Miner: There are huge challenges on the field but we just have to try every day to work for survival. The job is actually physical as you can see for yourself. All of the diggers and I have to eat food everyday at this mining site. Unfortunately, many times we digged very large pits but get no positive result (diamonds). We don’t have modern tools to work with – no water machine; so, we use physical strength each day in such of diamonds. We just work with high hope because we don’t have instrument to tell us whether diamonds are here or not.
Coordinator: Do you earn income from other jobs like income from Agriculture related works?
Miner: No. The only work I understand best is mining job. I don’t have interest in other work especially at my present age now. My only regret is that I am not often well to gain physical strength to work as I did in my youthful age. However, I often tried each day to come here and sit by my field boys (digger). Right now, my feet have severe pain so I am just here encouraging the diggers as they work.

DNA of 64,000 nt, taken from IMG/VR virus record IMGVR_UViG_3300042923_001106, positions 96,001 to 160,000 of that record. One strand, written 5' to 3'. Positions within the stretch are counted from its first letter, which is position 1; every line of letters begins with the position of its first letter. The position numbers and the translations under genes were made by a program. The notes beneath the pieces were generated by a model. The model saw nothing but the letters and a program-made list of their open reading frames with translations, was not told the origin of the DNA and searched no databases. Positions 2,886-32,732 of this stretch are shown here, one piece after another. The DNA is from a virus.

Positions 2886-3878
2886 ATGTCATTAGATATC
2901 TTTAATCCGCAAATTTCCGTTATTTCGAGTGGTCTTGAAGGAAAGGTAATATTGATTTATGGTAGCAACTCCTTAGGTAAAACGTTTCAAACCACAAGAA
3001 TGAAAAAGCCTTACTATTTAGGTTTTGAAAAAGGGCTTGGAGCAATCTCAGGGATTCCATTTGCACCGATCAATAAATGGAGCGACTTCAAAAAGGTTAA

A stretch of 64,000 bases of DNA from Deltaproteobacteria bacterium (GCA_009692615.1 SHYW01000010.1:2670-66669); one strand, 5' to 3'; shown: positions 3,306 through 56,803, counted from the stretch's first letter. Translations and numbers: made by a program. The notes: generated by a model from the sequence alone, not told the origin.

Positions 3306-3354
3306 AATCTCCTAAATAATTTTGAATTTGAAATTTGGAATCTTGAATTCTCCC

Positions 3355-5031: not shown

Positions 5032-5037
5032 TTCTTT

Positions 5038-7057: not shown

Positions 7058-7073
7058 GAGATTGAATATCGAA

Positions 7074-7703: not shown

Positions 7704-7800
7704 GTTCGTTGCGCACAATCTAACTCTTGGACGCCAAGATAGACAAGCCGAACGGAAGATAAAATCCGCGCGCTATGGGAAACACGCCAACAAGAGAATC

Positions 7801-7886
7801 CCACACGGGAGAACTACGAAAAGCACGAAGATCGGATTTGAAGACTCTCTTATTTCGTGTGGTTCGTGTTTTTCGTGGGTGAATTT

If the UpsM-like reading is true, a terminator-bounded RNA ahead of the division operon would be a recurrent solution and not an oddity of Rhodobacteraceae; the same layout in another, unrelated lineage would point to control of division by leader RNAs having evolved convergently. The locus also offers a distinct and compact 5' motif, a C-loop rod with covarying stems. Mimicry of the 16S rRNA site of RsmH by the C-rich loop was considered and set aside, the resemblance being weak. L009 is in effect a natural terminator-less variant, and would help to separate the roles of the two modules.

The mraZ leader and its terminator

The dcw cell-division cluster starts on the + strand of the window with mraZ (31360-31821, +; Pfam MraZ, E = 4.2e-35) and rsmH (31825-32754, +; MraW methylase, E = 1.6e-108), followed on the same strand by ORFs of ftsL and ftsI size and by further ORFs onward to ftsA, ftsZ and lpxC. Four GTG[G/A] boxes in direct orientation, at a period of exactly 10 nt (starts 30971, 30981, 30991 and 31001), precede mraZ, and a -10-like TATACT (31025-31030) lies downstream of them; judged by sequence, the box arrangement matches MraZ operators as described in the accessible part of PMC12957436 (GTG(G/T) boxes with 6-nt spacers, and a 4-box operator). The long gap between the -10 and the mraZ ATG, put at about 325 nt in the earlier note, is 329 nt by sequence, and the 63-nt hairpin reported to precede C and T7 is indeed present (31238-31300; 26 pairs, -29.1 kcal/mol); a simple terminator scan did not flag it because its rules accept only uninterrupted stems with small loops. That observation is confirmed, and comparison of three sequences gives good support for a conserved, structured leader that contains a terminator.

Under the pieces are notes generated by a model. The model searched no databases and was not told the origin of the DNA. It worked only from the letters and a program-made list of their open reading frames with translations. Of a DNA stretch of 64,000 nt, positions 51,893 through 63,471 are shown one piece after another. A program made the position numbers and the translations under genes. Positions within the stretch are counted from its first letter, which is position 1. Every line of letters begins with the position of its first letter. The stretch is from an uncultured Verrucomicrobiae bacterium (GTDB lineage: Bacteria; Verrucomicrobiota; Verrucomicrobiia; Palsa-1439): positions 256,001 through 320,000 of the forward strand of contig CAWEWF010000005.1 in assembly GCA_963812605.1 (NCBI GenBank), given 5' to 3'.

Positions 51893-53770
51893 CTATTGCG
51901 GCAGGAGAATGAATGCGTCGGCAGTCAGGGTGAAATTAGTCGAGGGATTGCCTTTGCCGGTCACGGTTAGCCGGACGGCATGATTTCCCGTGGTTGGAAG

Coordinator: Any last word?
Miner: Yes, I want people to know that the mining sector has money but it requires hard work, especially for small scale mining. We are helping the country but through hard works. We need tools, food, and capacity building. Building our capacity will help us to change from the armature way of mining to a better way. So, I am begging organizations, humanitarians, and philanthropists to help us with modern tools and training.
Interaction with Diggers
Coordinator: How long have you been on the mining field?
Digger 1: I was 14 years when I started helping my big brothers at mining sites. Mining has been my job over the years. You can see that I like the job. I am in my 60’s but still working on the field.